Harry W. Brown
|Harry W. Brown|
|Born||10 May 1898
|Died||17 August 1917
|Buried at||Noeux-les-Mines Communal Cemetery (Plot 11. Row J. Grave 29)|
|Service/branch||Canadian Expeditionary Force|
|Years of service||1916 - 1917|
|Unit||10th Battalion, CEF|
|Battles/wars||First World War †|
Harry W. Brown VC (10 May 1898 – 17 August 1917) was a Canadian First World War recipient of the Victoria Cross, the highest and most prestigious award for gallantry in the face of the enemy that can be awarded to British and Commonwealth forces.
Harry Brown, from Gananoque, Ontario, was born on 09 May 1898 to John and Adelaide(nee Leger). On 15 May 1898, in <St. John's Roman Catholic Church>, Gananoque, ON, he was christened John Henry Brown. His mother had died by the time his grave marker was engraved and the initials Harry W., given in error, will be changed when it is replaced. After his father died, Harry lived with his mother and sisters, Irene and Loretta, in Peterborough. His mother married Patrick McAuliffe of R. R. 1, East Emily in 1911 and Harry worked on the farm . Later, he moved to London, Ontario, where his sister, Irene, lived. A story about Hill 70 in the Royal Canadian magazine <pg 8/18 March 2005> says he was working a munitions factory when he enlisted with the Canadian Mounted Rifles on 18 August 1916 at London, Ontario, where, according to his attestation paper, he was residing at the time. After being sent overseas, he was transferred to the 10th Battalion, CEF.
Brown was awarded the Victoria Cross for his actions on 16 August 1917, during the Battle of Hill 70 against the Germans, when Brown and another soldier ran the gauntlet with an "important message". Brown sustained mortal injury, and died the following day, 17 August. His death is commemorated on the Gananoque Cenotaph and on 16 August 2007 a black marble memorial cairn was dedicated to commemorate the action for which he received the Victoria Cross <www.veterans.gc.ca>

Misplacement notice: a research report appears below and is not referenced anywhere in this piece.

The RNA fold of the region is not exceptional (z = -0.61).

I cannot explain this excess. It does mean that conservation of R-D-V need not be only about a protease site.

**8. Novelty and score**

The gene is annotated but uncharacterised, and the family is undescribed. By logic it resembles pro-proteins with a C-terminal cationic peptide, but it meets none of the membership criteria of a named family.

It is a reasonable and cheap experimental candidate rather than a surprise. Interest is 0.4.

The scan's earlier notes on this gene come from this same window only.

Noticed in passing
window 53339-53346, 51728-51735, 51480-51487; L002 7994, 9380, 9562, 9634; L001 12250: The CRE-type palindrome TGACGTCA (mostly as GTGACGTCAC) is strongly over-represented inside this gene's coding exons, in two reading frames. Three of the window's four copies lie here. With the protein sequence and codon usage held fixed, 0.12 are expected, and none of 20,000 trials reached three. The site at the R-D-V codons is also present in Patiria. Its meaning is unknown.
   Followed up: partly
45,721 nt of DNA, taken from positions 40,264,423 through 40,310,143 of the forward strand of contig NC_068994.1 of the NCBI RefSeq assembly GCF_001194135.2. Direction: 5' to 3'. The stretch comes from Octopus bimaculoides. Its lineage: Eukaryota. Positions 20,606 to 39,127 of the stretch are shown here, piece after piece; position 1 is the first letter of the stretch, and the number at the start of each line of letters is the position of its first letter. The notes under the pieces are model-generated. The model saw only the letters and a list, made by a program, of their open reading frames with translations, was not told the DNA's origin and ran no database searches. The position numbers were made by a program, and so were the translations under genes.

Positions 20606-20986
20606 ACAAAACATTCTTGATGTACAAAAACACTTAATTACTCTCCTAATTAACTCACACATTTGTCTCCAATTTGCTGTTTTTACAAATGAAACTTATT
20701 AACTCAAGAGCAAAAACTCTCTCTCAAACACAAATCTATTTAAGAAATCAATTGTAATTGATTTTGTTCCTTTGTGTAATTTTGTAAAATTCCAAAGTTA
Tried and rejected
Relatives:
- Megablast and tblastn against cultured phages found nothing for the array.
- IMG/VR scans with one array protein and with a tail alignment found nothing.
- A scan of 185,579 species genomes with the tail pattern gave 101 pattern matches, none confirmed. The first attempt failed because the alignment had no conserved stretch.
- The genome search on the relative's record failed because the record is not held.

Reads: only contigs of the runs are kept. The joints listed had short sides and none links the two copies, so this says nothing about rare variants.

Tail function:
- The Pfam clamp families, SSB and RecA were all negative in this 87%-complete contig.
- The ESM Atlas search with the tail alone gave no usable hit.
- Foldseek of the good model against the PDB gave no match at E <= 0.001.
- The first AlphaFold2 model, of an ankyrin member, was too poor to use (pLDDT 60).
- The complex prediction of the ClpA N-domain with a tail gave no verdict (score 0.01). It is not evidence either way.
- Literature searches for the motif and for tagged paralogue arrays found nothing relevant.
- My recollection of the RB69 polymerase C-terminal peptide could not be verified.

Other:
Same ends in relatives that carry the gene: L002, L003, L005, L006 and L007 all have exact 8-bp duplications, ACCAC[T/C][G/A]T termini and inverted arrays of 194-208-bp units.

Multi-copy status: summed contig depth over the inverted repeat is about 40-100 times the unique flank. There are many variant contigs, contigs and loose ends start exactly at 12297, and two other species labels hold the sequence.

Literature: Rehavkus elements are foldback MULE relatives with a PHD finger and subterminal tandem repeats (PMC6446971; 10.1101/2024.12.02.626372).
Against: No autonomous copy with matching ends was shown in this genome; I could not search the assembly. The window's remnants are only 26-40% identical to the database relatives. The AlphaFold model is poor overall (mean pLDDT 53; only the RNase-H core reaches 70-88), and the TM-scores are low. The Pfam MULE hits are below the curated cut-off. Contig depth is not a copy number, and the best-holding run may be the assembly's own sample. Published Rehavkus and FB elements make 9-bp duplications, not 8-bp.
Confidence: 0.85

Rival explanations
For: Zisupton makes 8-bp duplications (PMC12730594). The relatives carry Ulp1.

For most conspicuous bravery, courage and devotion to duty. After the capture of a position, the enemy massed in force and counter-attacked. The situation became very critical, all wires being cut. It was of the utmost importance to get word back to Headquarters. This soldier and one other were given the message with orders to deliver the same at all costs. The other messenger was killed. Private Brown had his arm shattered but continued on through an intense barrage until he arrived at the close support lines and found an officer. He was so spent that he fell down the dug-out steps, but retained consciousness long enough to hand over his message, saying ' Important message.' He then became unconscious and died in the dressing station a few hours later. His devotion to duty was of the highest possible degree imaginable, and his successful delivery of the message undoubtedly saved the loss of the position for the time and prevented many casualties.
Harry Brown's Victoria Cross is displayed at the Canadian War Museum in Ottawa, Canada. The 10th Battalion, CEF is perpetuated by the Royal Winnipeg Rifles and the Calgary Highlanders of the Canadian Army Reserve.